My first reaction to Standard & Poor’s cutting its outlook on U.S. government debt to negative was, “Gee — where have you guys been?” Recall that the credit rating outfits were happy enablers of the unsustainable housing and credit bubble that ended in the near collapse of the financial system and the Great Recession.
The downturn and its costs are a huge part of the ballooning federal debt. While much of the TARP bank bailout appears — appears — to have been repaid, the recession caused lost tax revenues and new government expenditures, including the nearly $800 billion stimulus — and even that was not enough to fill the hole in demand left by the disaster in the private-sector economy. More states in fiscal trouble as their tax revenues dried up, more people unemployed, a record on food stamps. This is what happens in recessions and why government has filled the void since the Great Depression.
Of course, the costs of the stim and other recession-related damage are small compared with prosecuting two wars that have lasted longer than World War II while at the same time continuing the lowest tax rates in decades, with the Bush (and now Obama) tax cuts disproportionately aiding the richest Americans. Where was S&P when these debt-engines were being built and run for years?
The big problem now is the shape of the recovery. Corporate profits are at record levels, big companies are sitting on huge piles of cash, hedge funds are back to their holdings before the panic and the big banks are bigger than ever, returned to health by Uncle Sam. Small business, wage earners, 13.5 million souls officially unemployed and millions more underemployed continue to struggle. The big engine of the ’00s, easy Fed credit poured into construction and housing, isn’t coming back anytime soon.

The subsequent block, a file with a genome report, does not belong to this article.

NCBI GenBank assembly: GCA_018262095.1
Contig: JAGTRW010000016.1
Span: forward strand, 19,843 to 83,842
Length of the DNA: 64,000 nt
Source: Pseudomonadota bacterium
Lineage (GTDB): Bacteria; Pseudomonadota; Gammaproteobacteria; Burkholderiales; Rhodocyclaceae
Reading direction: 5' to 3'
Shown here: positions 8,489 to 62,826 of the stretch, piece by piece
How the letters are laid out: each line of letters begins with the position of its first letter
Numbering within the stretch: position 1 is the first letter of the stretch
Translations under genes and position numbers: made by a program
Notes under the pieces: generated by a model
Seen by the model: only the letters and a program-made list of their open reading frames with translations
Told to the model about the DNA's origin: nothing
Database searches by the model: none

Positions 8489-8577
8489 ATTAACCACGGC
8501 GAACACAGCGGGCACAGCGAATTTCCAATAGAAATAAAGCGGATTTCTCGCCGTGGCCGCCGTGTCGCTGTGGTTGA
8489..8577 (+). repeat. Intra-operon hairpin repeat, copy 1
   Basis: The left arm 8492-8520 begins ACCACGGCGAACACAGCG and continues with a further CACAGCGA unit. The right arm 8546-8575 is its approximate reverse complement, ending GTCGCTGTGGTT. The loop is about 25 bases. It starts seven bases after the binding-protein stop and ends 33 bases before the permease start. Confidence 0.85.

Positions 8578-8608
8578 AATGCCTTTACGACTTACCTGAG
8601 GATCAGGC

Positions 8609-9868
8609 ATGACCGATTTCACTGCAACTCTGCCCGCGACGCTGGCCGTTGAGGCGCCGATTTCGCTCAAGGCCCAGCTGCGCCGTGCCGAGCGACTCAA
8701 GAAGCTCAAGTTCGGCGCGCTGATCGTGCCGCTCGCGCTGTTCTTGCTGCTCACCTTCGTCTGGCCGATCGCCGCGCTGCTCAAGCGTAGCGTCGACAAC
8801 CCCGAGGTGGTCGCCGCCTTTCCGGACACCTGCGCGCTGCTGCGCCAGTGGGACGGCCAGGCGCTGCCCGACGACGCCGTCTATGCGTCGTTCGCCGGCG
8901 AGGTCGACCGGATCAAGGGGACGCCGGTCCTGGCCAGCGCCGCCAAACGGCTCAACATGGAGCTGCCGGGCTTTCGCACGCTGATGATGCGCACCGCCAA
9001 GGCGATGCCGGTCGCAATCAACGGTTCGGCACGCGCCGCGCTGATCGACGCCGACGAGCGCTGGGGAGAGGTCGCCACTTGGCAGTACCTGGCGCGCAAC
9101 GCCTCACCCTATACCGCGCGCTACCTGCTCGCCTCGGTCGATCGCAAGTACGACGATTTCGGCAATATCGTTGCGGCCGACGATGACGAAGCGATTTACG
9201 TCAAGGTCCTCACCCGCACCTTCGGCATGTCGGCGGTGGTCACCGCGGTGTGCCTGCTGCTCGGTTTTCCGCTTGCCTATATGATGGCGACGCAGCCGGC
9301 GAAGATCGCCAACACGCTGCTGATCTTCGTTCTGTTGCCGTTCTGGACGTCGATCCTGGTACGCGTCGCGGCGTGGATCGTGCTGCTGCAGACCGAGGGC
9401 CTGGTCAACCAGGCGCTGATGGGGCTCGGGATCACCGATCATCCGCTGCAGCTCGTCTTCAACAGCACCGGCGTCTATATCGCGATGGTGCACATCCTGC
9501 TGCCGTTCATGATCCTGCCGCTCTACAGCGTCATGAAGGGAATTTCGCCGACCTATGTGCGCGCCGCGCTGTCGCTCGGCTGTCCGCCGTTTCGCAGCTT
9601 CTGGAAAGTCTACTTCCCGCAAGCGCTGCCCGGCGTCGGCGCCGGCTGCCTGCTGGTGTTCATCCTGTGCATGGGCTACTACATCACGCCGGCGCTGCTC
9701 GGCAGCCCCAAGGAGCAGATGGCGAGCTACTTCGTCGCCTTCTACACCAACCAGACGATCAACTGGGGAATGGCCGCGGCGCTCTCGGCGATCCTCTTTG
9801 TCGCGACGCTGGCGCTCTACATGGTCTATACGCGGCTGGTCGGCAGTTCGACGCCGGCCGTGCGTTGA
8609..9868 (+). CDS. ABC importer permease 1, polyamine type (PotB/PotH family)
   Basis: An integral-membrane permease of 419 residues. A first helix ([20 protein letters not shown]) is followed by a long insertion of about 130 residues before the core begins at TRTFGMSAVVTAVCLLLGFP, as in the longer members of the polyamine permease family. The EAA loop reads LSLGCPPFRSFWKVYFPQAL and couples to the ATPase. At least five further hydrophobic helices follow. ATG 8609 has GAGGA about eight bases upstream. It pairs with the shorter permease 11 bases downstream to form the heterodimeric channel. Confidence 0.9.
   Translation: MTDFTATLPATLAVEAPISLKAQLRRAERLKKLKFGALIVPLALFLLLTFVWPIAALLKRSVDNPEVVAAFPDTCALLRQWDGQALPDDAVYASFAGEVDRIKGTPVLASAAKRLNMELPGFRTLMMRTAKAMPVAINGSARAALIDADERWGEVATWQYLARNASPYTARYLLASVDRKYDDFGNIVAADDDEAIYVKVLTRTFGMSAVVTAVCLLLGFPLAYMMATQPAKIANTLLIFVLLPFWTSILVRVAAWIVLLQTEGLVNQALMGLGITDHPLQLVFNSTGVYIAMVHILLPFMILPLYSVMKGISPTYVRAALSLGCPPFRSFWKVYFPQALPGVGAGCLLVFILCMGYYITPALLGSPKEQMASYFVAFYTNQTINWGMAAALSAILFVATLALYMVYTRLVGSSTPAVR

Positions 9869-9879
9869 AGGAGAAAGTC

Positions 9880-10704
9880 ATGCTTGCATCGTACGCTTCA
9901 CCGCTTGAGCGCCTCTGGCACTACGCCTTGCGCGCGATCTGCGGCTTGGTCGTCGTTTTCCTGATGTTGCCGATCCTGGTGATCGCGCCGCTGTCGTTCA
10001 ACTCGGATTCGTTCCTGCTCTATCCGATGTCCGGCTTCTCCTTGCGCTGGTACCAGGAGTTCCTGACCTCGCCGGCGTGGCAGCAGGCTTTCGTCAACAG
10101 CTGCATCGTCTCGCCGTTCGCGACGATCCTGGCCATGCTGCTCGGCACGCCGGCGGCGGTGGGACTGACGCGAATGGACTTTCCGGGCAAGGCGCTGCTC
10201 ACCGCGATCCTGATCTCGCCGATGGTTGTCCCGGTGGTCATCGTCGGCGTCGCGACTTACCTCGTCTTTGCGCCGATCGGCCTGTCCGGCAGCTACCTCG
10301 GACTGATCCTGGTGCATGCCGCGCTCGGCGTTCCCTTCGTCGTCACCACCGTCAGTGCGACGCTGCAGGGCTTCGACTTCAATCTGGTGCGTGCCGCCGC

This is what unsustainability combined with a dysfunctional economy and political system looks like. Imagine an America prosecuting World War II with much of the Depression lingering and the economy based largely on finance. (And, the S&P announcement is not the only thing weighing on markets — a big one is China’s warning on future growth, as Mesirow Financial Chief Economist Diane Swonk pointed out.).
The debt could be addressed, but only with a heavy focus on tax increases, including modest ones for the middle class, as well as ending much corporate welfare and the wars. It could also be aided by making public investments that would either repay their original costs or do so by adding to overall productivity. S&P acknowledges that addressing the debt is well within our means to fix.
But all this seems politically impossible, with so-called conservatives seeing an opportunity to dismantle the Great Society if not the New Deal, and a president who always backs down. Make no mistake: Draconian cuts to government will do no more to revive the economy — quite the opposite, in fact — than the tax cuts to the rich did to create jobs.
Anyway, S&P, welcome to the scene. Sorry you arrived late. Maybe you can tell us who in the casino is getting rich by shorting U.S. debt? We know they’re not paying taxes.
Today’s Econ Haiku:
Fifty years ago
The Space Needle work began
Couldn’t do today